Lara Netting's new book explores the life, career, and work of one man as a window into the history and associated practices of "Chinese art" during a period of massive transformation in the China of the late nineteenth and early twentieth centuries. While reading A Perpetual Fire: John C. Ferguson and His Quest for Chinese Art and Culture
(Hong Kong University Press, 2013), we journey along with John C. Ferguson as he navigates through a complex and fascinating world of government officials, art dealers, scholars, and museums in China and the US. Ferguson gradually became embedded in a social web whose connections made it possible for him to transform from a minister's son in rural Ontario to a world-class collector, dealer, and scholar of Chinese art while the very notion of "Chinese art" was still emerging and being debated. Netting's book charts the early development of Ferguson's relationships with key figures in the political and social landscape of Qing and Republican China, tracing the ways that these relationships gave him an access to and a perspective on antiquities that would shape his later scholarship and career. For that reason, it offers a wonderful perspective on the history of modern China, and specifically on the role of foreign residents of China in that history. A Perpetual Fire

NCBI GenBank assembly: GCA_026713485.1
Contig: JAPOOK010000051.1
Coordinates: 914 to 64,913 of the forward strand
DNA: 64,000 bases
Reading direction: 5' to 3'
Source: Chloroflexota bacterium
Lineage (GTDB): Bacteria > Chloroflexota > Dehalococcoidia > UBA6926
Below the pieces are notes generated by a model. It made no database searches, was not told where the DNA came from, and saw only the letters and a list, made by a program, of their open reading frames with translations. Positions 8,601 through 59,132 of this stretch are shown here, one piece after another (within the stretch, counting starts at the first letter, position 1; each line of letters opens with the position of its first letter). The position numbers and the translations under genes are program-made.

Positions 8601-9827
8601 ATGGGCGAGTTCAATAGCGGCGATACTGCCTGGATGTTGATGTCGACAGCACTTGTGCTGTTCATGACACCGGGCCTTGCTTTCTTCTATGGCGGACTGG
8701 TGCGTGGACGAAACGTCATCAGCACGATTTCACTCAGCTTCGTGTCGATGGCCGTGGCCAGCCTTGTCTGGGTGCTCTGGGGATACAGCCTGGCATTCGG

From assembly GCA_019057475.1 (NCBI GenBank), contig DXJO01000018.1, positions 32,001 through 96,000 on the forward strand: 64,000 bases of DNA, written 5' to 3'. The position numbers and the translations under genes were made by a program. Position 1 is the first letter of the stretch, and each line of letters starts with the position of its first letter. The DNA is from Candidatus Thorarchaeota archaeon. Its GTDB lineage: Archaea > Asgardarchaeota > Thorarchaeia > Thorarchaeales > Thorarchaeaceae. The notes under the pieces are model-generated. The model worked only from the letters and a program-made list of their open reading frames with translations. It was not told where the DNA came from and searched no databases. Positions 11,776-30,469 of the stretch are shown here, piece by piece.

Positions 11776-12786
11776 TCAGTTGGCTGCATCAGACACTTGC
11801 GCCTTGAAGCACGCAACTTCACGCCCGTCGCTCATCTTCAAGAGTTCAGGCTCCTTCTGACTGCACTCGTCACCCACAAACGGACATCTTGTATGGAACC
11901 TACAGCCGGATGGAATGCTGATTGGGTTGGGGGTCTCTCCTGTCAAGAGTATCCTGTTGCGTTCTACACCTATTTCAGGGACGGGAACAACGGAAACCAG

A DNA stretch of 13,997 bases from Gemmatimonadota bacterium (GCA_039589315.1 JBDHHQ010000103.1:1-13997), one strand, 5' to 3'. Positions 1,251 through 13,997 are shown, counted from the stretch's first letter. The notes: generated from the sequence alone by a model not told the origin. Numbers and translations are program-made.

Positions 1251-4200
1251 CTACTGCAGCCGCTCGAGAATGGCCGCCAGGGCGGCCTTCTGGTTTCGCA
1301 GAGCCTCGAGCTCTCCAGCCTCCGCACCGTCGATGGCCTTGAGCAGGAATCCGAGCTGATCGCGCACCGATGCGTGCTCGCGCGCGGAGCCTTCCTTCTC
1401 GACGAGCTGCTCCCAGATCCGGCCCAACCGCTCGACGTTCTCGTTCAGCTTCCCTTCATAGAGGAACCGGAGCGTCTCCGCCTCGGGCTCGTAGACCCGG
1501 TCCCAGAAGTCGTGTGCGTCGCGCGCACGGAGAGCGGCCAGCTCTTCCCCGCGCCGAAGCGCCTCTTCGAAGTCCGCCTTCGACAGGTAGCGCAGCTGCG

also pays special attention to the making of some important museum collections in Chinese art and antiquities - including the collections of the Metropolitan Museum of Art and of Ferguson himself - and so it is of special import to readers interested in museum studies, in material culture, and in knowing the complex and fascinating history of how the objects hanging on museum walls and illuminated in display cases got there in the first place.